Previously published in Examiner
Part 4 of the language seriesSigmund Freud on Hysteria
There is good reason why Betty Friedan opposed a lot of Sigmund Freud’s view on women. She especially opposed the controversial Penis Envy Theory. However, the great doctor had more up his sleeve than penis envy. His entire view on womanhood was questionable and even controversial in his time. In a paper he wrote in 1925, called ‘The Psychical Consequences of the Anatomic Distinction Between the Sexes’, he stated, “Women oppose change, receive passively, and add nothing of their own.”
According to Donna Stewart, M.D., a professor and chair of women’s health at the University Health Network, Freud was indeed a man of his times and he believed that a woman’s temperament and actions were governed by her reproductive system.
Note from this Montreal mental health examiner
A cat and dog are governed by their reproductive system. When they are in heat they go out and look for a mate. These forces are governed by nature, a biological instinct that requires very little thought. This in essence is what Freud thought about women. He did not recognize an intellect in women. Furthermore, he believed that women felt disadvantaged being women and they really wanted to be a man, hence his Penis Envy Theory. As if that is not enough, he felt girls gravitated towards their fathers during the phallic stage and resented their mothers for not giving them a penis – The Electra Complex . The Electra Complex is an equality controversial theory.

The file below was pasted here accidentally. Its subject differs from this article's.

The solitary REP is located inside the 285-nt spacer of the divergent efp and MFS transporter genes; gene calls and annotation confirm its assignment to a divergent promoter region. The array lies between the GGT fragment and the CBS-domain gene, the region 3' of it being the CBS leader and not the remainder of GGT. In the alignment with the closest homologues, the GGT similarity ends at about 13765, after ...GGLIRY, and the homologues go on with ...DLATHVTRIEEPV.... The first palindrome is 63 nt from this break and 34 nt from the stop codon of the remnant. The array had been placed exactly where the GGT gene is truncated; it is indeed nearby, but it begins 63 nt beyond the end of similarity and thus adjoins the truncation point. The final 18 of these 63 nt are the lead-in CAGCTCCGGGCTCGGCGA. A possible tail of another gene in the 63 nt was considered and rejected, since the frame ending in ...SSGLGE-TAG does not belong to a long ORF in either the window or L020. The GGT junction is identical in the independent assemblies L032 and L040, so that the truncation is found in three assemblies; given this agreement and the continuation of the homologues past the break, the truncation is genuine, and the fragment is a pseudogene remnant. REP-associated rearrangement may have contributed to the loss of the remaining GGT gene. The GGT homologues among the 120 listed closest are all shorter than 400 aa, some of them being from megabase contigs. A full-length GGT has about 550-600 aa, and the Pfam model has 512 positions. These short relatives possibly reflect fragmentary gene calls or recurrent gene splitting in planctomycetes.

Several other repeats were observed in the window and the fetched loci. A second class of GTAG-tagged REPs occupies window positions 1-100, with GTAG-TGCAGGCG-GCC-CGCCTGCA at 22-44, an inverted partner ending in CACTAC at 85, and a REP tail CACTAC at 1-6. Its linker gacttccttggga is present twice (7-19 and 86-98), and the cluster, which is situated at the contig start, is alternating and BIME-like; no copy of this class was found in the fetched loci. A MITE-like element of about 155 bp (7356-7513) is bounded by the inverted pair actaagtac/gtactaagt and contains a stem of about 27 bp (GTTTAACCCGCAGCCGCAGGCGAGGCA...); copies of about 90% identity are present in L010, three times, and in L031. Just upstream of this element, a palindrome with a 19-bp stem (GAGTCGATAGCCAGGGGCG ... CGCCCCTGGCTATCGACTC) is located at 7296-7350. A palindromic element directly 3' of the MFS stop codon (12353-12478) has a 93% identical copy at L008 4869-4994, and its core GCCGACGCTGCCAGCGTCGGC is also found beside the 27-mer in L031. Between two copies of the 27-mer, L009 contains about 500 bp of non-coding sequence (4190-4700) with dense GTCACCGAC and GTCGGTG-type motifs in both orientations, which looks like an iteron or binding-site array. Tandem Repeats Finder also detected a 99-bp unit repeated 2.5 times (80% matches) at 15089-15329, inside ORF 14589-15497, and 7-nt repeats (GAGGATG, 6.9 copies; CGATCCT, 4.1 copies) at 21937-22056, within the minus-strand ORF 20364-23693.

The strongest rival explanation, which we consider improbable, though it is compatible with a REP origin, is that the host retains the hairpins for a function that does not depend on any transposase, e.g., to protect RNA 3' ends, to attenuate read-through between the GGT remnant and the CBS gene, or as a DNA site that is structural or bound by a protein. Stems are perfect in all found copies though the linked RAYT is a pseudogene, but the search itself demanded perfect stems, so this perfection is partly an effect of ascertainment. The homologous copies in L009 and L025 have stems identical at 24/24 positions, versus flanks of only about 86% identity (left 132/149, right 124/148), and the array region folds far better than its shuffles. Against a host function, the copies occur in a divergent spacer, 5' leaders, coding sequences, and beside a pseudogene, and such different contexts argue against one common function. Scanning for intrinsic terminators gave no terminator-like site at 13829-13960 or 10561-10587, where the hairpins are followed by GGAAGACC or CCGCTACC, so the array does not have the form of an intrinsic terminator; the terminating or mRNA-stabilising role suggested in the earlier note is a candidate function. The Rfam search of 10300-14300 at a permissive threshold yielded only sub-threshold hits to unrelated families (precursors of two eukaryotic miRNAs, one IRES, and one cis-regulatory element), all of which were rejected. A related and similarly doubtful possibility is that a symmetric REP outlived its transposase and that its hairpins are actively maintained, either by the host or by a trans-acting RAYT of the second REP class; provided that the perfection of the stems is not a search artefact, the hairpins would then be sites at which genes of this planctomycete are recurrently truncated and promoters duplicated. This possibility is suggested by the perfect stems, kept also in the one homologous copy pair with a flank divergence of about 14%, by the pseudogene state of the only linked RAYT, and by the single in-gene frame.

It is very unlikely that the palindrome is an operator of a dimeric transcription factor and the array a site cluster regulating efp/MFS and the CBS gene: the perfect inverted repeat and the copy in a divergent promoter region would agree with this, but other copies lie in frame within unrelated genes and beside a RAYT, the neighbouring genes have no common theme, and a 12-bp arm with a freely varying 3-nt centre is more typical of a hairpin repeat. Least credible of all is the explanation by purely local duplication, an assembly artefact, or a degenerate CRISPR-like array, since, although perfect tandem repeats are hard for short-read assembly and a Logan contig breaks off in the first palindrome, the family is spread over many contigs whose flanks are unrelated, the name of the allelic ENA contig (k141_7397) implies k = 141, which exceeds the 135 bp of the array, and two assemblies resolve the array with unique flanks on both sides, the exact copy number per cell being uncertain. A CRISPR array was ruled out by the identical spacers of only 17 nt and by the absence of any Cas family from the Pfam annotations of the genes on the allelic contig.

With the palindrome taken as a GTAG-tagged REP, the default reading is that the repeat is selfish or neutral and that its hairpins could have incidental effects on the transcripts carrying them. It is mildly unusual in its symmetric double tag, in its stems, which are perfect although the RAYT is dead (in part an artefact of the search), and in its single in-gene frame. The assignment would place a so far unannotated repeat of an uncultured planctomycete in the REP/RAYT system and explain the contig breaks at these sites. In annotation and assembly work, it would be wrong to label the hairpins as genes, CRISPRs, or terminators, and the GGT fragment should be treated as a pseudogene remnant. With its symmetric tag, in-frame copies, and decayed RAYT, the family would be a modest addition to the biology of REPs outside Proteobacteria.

Not only feminists in the 1960’s but also, female psychoanalysts such as Karen Horney found his theories on women very condescending.
Freud’s landmark work with a woman by the name of Bertha Pappenheim, known in his case study as Anna O, is where Freud coined the term hysteria to name and categorize her symptoms of partial paralysis, hallucinations, and amnesia. He first theorized that the reason for hysteria was due to sexual abuse in childhood, but later changed his theory to repressed sexual fantasies.
For courses on Language, Cognition and Perception in Montreal, McGill University l has excellent courses and diplomas and degrees, in neuroscience, behavioural sciences, health sciences and psychology.
Department of Psychology Concordia University – Cognitive Science